Every few years there was a new rumour or sighting. Her ship had been spied upon Dione. The wreckage of her ship had been found in the asteroid belt, and a human spacesuit was drifting through the skies. But no, Saga herself had been witnessed in the embassy on Europa. We examined these theories, shared our musings late into the nights.
The years passed.
Now we are sept-and-octogenarians, unavoidably middle-aged. We have partnered, we have separated, some of us have children, some of us have money. We have weathered breakdowns and crises. We have dreamed.
We are wiser, enough to know that what we know is nothing. We can seek but we may not find.
We decided to return to Ceres. The colony is fully established now, an independent civilisation. Its population increases steadily. There is provision for tourists.
This time we take a shuttle down to the planet surface. Still a little wobbly with the after-effects of hibernation, we support one another, steadying elbows, watching our steps. We are amused by the low gravity, find ourselves acting like children. Even Per wishes to see how high he can jump. After a night to acclimatize, we are taken on a tour of the capital, before we suit up and board a surface transport out to the mining station. The constructions loom as we approach. The machinery is colossal. Our guide, a tall young man with thin, bird-like arms, is deferential and eager to please. He knows our mother’s name, of course. He shows us the plaque. The letters are glittering minerals which he tells us are from the mines. He says, proudly, that Ceres is the largest supplier of fuel in the solar system.
The plaque says:
This marks the last known flight of Saga Wärmedal.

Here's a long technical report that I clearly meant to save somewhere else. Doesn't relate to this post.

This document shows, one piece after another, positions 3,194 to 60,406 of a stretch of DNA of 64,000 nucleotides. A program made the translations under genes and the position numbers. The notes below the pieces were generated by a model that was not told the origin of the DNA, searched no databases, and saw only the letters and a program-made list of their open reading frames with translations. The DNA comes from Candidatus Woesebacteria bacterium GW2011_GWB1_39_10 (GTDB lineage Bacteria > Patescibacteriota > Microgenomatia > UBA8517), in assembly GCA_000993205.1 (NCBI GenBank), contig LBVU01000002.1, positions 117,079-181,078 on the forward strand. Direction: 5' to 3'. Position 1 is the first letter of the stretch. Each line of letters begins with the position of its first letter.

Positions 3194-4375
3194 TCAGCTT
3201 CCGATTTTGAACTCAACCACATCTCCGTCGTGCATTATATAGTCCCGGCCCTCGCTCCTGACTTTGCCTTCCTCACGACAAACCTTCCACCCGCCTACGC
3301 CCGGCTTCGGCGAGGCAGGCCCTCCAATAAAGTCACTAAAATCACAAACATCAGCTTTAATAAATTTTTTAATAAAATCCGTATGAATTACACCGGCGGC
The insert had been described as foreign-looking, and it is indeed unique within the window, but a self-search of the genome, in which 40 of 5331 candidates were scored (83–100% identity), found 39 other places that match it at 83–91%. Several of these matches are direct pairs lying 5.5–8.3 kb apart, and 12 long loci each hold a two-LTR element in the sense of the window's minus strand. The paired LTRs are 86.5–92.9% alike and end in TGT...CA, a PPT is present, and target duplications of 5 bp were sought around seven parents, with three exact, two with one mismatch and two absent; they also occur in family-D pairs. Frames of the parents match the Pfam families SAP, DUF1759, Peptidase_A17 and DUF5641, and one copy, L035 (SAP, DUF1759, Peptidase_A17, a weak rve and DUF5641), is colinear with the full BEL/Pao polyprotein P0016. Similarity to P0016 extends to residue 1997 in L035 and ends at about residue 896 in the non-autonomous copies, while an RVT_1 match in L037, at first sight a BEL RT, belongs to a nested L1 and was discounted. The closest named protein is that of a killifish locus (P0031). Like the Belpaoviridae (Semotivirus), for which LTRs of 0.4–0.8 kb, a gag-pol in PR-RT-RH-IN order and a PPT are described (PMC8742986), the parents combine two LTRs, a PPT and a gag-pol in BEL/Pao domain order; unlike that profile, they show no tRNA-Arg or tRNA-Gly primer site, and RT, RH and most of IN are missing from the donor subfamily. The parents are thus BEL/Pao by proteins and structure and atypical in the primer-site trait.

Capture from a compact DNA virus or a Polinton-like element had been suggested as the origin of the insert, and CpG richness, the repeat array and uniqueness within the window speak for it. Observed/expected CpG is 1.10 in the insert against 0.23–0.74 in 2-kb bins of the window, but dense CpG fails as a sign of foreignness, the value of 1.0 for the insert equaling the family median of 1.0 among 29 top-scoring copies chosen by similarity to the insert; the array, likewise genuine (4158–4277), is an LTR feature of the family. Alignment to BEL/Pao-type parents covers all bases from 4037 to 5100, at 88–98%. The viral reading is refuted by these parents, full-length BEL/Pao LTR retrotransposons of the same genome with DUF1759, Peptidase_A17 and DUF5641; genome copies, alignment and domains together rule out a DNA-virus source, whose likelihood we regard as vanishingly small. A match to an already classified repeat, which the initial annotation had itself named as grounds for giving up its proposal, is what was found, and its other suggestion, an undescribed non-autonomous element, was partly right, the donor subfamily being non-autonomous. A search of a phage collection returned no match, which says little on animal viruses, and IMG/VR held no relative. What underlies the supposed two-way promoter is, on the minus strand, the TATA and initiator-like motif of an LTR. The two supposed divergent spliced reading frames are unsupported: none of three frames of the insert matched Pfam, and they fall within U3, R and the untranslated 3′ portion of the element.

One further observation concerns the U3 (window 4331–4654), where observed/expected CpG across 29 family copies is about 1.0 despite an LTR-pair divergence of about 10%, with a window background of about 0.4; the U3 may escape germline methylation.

We ask him for some time alone. He nods respectfully. We stand around the plaque. We suppose this is what we have come to see. We remember her ship, streaking away like a comet. This is the last place that she was seen. We think that she was never really seen.
There is a place on Earth beneath the Siberian permafrost, where those who died in the gulags of the twentieth century are said to be buried. With every winter, a new layer of ice crystals hardens over the tundra, fusing and compacting upon what lies below, sealing the mass graves forever. It is said that their descendants still search for bones. There are women who go out day after day with ice picks and radars, their boots crunching on the new fallen snow with that particular sound, heard only on Earth.
They are looking for something. They are prepared to spend a lifetime looking.
E. J. Swift is the author of Osiris and Cataveiro, the first two volumes in The Osiris Project trilogy. Her short fiction has been published in Interzone magazine, and appears in anthologies including The Best British Fiction 2013 and The Lowest Heaven. When not writing, she is kept busy as a slave to cats and an aficionado of the trapeze.
Image credit: Courtesy NASA/JPL-Caltech.